I began to realise an unsettling pattern.

When I told people that I was suffering from an eating disorder, the most common response I got was “but you are not underweight. You eat everything and seem to enjoy your snacks.” Indeed, my BMI was healthy and I could eat out at a restaurant without having a panic attack.

The truth is this: when people think of eating disorders, they think of anorexia or bulimia. They think of the dangers associated with being underweight and purging, and remember the high mortality rates. They do not think of an obese adult bulk buying chocolate from the supermarket. That person who stuffs their face can’t possibly have an eating disorder! Some might say they enjoy their food too much and unfortunately didn’t get a proper education in healthy nutrition. Others would say that they are lazy and should exercise more.

I have personally felt that anorexia and bulimia come with a sense of elitism. It is much easier to acknowledge the existence of a disorder when confronted by someone who has the physical attributes and behaviours unique to their illness. If you are extremely underweight, have a lot of anxiety around food, and engage in behaviours such as taking laxatives, how can you not have an eating disorder?

Please don’t get me wrong – I am NOT saying one eating disorder is worse than the other. They are ALL absolute hell in their own ways, and they all have their individual risks and complications. Everybody’s struggle is valid and every attempt at recovery deserves praise and acknowledgement.

But it is a lot harder to ‘prove’ you have an eating disorder if you simply seem to eat ‘a lot.’ “How dare u say u have a eating deesorder,” says a highly intelligent commenter on the internet. Their even more intelligent counterpart adds, “u just gotta understand that sugargh n fat are addictife. I usd to binge on biscits heaps then I realisd sugargh is baad so I stopped and I lost wait. Also u need 2 exercise more! Stop making excooses for being an ugly fatty. And dw its ok for me to call u ugly cos that can motivait u to loose wait.”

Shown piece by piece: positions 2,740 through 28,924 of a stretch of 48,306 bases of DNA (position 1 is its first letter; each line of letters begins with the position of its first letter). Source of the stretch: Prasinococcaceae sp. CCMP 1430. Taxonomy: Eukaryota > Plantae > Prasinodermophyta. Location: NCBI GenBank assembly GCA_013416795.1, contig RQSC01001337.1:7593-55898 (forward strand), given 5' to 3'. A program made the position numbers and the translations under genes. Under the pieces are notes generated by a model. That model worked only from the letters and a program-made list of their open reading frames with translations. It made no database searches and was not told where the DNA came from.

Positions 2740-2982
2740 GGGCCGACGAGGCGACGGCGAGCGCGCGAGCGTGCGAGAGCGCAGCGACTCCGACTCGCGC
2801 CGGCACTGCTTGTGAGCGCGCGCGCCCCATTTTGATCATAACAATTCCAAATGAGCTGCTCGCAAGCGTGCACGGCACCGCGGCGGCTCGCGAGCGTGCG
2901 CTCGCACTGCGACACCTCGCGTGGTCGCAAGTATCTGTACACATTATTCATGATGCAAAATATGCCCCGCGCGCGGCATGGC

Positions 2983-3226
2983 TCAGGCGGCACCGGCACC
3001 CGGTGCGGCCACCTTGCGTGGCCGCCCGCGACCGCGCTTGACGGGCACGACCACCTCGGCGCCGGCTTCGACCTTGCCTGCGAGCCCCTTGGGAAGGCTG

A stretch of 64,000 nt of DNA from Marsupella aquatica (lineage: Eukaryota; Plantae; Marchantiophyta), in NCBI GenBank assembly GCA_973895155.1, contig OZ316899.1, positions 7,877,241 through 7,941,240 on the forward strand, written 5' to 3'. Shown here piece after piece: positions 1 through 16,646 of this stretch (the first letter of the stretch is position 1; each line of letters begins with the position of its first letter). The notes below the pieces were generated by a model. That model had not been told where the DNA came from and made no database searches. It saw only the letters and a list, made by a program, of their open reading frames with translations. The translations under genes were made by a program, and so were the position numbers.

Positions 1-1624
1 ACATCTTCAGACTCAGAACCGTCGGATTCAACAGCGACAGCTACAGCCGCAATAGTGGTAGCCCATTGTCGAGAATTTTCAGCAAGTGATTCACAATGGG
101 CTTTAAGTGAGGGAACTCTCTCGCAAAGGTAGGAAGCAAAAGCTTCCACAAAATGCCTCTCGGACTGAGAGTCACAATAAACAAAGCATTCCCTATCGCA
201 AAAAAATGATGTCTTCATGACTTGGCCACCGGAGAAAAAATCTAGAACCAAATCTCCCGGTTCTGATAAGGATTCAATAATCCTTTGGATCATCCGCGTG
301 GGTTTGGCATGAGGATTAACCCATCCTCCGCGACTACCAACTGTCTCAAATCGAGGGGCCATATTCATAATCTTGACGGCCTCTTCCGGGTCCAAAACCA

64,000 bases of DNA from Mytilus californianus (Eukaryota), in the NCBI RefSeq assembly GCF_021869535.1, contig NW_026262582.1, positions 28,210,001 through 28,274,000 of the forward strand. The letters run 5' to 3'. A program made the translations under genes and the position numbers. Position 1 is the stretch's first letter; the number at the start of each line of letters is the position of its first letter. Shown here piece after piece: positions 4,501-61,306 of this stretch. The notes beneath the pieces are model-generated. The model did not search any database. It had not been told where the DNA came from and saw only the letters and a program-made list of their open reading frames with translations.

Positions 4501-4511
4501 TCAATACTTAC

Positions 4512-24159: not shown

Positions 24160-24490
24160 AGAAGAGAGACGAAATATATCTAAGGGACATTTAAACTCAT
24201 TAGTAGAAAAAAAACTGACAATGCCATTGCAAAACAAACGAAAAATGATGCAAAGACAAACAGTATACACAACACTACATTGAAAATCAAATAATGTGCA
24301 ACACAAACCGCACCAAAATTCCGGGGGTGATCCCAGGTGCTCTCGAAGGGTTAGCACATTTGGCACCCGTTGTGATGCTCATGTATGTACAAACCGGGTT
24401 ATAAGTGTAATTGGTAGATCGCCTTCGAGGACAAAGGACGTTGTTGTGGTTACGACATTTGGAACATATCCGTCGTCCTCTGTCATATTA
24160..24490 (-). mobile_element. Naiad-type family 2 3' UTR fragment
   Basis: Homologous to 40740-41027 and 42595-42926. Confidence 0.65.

BED is not a made up disorder so people who eat a lot can have an excuse. It’s a thing in the DSM-V. BED is not just eating a whole packet of biscuits out of boredom, or comfort eating due to being in a sad mood – it is continually suffering from episodes of severe overeating in a short period of time. People with BED suffer from intense feelings of guilt, shame, misery, embarrassment; disgust, and self-loathing. They also suffer from extremely high levels of distress, often have clinical depression and anxiety, and tend to experience episodes of self harm and suicidal ideation. In short, binging episodes are the opposite of an enjoyable indulgence.

What causes confusion is that there are overweight people who do not have Binge Eating Disorder (BED), just as there are people who binge at times and do not have BED. There are also those who suffer from BED but are not overweight (perhaps as a result of a faster metabolism, medication, and/or being at a lower weight when the binging starts.) Without this knowledge, it’s understandable that there is confusion and doubt.

The determining factor is that those with BED can’t stop the binging. Even when they are full and feel like throwing up. Even when they are curled up on the ground in pain. Even when they can’t afford to buy any more food. Even when they KNOW it is extremely unhealthy for them. Even when they aren’t hungry and just want to go to bed. Even when their weight continues to climb and they desperately want to stop binging… but they just can’t. And they bully themselves, dismayed at this percieved weakness in their self-control: I am indescribably disgusting. As soon as I finish this binge I will lose all of this weight and never binge ever again. But before they realise, they are confronted by another awful binge episode. The lack of control feels terrifying and can be devastating. It only reinforces their highly critical thoughts and further erodes at their already fragile self-esteem.